Das Bundesarchiv Trial Records According to Widerstand in Berlin gegen das NS-Regime 1933 bis 1945 (Resistance in Berlin against the Nazi Regime 1933-1945), Leo and Gertrud Spiro were put on trial in Berlin in 1938.  Trying to locate their court records, I contacted the editor of the book Dr. Gunter Wehner, a scholar of the German resistance.  Dr. Wehner is 83 years old, and a well-known researcher at the Bundesarchivs (National Archives) in Berlin-Lichterfelde where the records are archived. Leo and Gertrud's Trial Records Dr. Wehner offered to help by locating trial records in the Bundesarchiv that mentioned Leo and Gertrud, including those included in his book. Although we would have to go through official channels to [...]

Who Was Joseph Smith?

By |2016-01-14T16:23:54-08:00January 14th, 2016|

The early life of Joseph Eugene Smith is a complete mystery.  Joseph's son Morton and Morton's daughter Karen have researched Joseph for over 20 years, yet they still don't know who he was.  Hopefully by reading his story, someone may come forward with new insight into Joseph's so far impenetrable history. Joseph Smith's Death Certificate, 25 December 1973 Over the years, Karen has gathered an impressive collection of information about Joseph starting with his enlistment in the US Army in November 1913,  yet she has not been able to discover anything about him before that. Although Joseph Smith claimed he was born on 15 July 1896 in Philadelphia, his birth certificate has never been located.  His life prior to WWI is unknown; nothing [...]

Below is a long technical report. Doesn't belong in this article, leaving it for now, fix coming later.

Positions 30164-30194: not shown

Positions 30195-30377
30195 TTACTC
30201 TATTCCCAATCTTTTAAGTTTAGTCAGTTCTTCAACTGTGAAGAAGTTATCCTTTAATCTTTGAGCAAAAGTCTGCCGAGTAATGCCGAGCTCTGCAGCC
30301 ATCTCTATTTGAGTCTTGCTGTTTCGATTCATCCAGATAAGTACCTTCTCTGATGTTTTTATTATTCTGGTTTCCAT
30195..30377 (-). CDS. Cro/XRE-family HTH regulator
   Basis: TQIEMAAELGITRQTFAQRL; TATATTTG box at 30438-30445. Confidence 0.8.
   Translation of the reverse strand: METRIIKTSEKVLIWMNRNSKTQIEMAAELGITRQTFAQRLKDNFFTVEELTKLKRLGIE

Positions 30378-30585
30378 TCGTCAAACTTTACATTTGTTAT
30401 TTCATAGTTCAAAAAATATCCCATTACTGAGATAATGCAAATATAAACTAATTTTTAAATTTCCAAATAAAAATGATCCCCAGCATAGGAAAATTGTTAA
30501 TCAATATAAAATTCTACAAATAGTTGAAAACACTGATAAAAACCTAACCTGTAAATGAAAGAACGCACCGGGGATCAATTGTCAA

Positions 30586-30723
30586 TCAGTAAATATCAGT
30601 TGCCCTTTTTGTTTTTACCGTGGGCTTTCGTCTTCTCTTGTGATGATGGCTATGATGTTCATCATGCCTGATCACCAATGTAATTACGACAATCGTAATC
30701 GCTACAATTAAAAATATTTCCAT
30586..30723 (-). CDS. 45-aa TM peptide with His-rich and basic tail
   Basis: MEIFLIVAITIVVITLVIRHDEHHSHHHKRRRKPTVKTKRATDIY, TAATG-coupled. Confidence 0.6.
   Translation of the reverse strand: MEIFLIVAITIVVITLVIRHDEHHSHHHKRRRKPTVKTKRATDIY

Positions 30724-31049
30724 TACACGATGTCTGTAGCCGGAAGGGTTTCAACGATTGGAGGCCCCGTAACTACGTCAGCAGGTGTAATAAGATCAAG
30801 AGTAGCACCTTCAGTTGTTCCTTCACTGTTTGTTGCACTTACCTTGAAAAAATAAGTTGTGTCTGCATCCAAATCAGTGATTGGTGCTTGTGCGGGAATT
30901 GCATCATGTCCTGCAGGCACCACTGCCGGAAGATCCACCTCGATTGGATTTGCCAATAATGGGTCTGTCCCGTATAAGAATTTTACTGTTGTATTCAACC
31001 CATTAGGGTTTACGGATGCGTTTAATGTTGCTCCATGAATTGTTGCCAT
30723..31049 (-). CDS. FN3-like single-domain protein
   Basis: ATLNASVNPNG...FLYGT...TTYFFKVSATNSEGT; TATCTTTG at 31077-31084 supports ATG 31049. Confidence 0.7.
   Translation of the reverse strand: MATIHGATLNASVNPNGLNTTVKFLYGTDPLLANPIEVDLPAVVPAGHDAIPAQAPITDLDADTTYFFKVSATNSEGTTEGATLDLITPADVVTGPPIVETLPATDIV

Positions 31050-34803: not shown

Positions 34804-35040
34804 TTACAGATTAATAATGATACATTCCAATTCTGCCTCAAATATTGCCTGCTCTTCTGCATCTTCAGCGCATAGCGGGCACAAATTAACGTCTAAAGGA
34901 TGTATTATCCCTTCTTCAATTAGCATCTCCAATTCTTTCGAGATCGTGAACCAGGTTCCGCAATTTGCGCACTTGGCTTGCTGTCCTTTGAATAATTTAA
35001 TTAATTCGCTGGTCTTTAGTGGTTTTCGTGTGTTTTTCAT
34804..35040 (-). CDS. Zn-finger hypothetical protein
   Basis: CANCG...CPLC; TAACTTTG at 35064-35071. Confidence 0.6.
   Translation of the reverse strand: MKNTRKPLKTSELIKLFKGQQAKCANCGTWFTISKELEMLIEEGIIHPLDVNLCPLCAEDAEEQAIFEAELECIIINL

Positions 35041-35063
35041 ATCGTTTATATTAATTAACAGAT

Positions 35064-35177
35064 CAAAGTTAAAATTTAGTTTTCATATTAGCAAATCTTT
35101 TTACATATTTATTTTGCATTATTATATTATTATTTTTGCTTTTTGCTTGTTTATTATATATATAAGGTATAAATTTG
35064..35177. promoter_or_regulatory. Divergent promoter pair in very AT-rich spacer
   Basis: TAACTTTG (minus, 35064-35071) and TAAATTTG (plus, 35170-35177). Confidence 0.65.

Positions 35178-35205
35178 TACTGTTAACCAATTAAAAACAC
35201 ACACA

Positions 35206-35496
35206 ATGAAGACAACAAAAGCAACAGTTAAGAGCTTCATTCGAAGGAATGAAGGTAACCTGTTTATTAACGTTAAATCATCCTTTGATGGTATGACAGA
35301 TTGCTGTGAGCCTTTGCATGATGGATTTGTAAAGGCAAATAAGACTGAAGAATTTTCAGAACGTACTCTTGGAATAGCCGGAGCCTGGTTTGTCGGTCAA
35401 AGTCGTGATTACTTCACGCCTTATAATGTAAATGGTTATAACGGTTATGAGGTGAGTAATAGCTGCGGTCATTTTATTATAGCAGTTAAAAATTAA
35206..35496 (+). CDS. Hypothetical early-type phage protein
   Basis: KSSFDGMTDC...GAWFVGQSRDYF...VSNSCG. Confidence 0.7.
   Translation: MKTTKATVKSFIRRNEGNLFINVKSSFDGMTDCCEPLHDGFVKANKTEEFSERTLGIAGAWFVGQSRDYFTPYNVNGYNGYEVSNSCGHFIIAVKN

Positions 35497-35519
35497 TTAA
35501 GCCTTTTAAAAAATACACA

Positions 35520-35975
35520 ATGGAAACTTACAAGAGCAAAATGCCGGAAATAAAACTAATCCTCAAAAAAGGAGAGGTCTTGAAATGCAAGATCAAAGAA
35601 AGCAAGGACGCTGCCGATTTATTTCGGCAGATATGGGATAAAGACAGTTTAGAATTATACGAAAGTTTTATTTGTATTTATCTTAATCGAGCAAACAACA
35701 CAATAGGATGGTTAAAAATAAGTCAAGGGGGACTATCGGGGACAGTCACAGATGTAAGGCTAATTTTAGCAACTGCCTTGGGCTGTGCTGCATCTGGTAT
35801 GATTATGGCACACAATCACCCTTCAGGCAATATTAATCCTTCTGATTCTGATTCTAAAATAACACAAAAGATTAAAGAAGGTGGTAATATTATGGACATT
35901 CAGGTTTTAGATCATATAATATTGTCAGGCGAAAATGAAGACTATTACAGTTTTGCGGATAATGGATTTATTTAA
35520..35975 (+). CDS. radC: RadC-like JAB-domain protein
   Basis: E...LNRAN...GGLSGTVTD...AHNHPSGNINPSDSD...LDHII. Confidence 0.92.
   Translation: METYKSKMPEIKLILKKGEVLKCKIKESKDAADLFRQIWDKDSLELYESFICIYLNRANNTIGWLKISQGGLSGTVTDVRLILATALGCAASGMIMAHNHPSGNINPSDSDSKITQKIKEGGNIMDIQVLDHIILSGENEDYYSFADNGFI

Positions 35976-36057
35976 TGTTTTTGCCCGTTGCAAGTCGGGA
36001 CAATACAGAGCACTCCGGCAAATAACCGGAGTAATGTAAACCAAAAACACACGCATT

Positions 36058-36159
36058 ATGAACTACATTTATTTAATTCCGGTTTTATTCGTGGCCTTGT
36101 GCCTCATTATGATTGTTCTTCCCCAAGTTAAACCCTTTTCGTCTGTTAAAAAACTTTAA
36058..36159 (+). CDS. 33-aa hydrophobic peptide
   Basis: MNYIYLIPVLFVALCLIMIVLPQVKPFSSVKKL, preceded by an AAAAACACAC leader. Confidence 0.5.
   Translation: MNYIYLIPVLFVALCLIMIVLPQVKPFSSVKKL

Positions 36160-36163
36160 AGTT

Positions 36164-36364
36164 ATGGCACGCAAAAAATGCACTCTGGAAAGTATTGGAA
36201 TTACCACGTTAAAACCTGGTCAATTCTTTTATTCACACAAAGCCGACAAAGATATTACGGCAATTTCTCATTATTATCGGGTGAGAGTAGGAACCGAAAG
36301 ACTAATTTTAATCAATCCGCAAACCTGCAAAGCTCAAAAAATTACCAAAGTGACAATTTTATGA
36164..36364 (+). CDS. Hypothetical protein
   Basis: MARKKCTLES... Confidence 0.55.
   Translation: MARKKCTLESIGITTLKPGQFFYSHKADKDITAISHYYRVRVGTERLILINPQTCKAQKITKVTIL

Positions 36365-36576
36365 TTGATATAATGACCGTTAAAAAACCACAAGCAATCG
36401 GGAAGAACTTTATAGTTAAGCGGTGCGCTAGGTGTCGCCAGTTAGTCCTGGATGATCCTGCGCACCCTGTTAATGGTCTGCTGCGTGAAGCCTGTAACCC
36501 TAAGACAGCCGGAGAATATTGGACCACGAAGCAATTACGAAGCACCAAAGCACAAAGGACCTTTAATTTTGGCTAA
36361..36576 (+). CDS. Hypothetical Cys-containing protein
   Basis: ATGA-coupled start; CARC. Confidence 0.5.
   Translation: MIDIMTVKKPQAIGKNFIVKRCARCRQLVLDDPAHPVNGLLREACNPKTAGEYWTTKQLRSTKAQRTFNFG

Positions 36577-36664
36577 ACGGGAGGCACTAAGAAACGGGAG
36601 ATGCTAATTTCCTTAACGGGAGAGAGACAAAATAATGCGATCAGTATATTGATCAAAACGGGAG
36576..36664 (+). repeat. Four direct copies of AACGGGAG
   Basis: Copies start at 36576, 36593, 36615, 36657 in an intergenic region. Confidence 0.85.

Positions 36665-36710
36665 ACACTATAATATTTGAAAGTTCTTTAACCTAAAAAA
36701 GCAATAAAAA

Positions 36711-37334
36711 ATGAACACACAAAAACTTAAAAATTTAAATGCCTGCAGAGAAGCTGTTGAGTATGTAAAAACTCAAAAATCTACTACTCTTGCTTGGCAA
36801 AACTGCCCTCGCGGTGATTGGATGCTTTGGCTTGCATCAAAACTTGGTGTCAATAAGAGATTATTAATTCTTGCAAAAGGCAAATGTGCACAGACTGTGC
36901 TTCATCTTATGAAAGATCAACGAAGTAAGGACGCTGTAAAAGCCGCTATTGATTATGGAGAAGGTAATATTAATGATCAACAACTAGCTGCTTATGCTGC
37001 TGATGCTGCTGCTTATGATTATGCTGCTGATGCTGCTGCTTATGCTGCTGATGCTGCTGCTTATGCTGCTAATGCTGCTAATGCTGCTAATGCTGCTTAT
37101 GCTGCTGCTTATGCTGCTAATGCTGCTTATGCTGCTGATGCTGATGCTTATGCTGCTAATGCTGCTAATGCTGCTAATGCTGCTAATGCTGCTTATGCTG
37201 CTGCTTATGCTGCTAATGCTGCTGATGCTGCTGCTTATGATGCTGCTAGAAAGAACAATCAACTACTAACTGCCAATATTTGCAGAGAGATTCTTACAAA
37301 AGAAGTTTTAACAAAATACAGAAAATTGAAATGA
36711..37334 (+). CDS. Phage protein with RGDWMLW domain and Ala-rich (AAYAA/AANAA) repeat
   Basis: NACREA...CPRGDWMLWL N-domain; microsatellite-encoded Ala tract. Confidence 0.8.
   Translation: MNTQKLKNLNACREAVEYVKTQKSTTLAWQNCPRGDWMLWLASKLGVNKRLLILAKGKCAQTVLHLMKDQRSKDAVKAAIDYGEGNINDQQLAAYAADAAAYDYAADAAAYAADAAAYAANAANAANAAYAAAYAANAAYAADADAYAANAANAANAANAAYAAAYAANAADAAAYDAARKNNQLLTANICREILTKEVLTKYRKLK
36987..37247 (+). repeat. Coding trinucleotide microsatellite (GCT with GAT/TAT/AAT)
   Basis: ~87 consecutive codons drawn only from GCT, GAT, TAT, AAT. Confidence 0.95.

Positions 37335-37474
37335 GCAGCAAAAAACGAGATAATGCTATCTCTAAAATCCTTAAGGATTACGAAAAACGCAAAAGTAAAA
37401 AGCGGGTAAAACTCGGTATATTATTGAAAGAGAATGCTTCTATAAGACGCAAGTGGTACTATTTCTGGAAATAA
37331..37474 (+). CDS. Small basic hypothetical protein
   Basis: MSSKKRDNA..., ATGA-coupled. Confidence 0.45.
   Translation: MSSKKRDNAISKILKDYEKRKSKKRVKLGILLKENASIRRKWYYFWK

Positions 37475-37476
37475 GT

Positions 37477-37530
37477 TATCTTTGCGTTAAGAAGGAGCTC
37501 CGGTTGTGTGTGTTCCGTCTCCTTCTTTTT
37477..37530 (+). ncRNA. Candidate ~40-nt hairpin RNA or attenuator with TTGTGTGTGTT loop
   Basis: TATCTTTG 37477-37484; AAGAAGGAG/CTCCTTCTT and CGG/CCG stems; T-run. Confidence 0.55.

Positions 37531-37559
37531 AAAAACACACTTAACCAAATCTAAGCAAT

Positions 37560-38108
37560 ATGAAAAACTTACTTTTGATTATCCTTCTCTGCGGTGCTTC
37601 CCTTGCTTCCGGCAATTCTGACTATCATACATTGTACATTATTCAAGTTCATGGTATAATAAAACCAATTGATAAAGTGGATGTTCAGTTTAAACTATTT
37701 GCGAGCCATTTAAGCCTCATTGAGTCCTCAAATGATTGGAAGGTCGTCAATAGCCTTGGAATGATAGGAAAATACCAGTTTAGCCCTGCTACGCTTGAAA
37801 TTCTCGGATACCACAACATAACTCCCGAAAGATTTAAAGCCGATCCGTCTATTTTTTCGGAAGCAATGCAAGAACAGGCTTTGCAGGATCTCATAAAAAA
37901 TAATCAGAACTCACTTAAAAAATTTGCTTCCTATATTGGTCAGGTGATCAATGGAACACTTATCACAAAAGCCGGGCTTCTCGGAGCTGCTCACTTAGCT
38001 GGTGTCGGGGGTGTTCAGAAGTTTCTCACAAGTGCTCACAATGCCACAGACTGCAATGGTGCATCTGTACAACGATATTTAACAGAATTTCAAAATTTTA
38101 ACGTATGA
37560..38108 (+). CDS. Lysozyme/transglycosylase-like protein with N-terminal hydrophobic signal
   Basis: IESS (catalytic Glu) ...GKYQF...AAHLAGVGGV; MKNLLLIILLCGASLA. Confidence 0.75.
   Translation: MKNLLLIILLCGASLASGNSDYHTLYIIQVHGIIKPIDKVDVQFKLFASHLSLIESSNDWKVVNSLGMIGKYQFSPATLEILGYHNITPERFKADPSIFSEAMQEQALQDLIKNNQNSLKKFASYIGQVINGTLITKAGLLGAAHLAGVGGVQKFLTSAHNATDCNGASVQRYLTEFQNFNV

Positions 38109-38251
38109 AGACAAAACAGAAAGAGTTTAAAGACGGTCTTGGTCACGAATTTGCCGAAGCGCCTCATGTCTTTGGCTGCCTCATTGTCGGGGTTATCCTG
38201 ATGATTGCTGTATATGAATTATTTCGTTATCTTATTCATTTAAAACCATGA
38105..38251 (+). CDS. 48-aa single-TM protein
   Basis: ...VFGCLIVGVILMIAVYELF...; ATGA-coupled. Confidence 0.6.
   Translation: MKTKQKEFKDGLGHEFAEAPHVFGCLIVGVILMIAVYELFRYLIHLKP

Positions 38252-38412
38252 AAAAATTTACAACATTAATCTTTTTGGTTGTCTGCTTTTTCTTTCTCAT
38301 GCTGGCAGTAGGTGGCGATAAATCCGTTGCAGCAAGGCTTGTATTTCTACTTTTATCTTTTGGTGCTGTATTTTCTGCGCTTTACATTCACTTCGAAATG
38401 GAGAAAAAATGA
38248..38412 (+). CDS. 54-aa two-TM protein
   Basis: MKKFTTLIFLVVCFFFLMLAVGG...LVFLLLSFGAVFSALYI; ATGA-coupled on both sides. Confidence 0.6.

Who Am I? What is My Name? Part VI – Our Search for Gertrude Spiro

By |2015-01-02T23:14:52-08:00January 2nd, 2015|

Gertrude Spiro and Charlotte Rebhun, Warsaw, about 1942 Gertrude Spiro must have been well-connected.  She was the proprietor of a liquor and cigarette shop at 2 Nowiniarksa St. in Warsaw in 1941-1942. The shop undoubtedly generated a lot of income for whoever owned it; liquor and cigarettes are two of the most in-demand commodities during wartime.  Moreover, Gertrude's shop was the only cigarette shop in Warsaw, and it also sold liquor. In her position she must have had many friends and many enemies. Gertrude Piss-Spiro and her daughter Sonia were arrested in Warsaw and put into Pawiak Prison in 1943. They are listed among 141 women on a prison transport bound for Auschwitz on 24 August.  However, three of [...]

DNA Pilot Study on Missing Identity Holocaust Children – 2013 IAJGS Conference

By |2014-05-09T20:13:58-07:00May 9th, 2014|

In August 2012, I was invited to give a lecture at the International Association of Jewish Genealogical Societies in Boston, MA, on our pilot project to identify two missing-identity child survivors of the Holocaust.  Please enjoy the video of my talk that describes our progress as of late 2013.   We have come some ways since and continue to work towards solving the mystery of their identities. http://youtu.be/Tm9RMfsi864

Who Am I? What is My Name? Part V – Gertrude and Sonia’s Escape

By |2022-07-06T01:27:48-07:00March 7th, 2014|

Pawiak Prison Gertrude and Sonia Preiss-Spiro's names are listed on the transport to Auschwitz of 141 women from Pawiak prison in Warsaw on 24 August 1943.  Pawiak prison was originally used by the Polish judicial to incarcerate criminals, but after the Nazi invasion of Poland in 1939, it was converted into a Berman Gestapo prison.  Approximately 100,000 men and 200,000 women passed through the prison, mostly members of the Armia Krajowa, political prisoners and civilians taken as hostages in street round-ups.  An estimate 37, 000 were executed and 60,000 sent to German death and concentration camps.  There were few known escape attempts. Even if Gertrude survived Auschwitz, she would [...]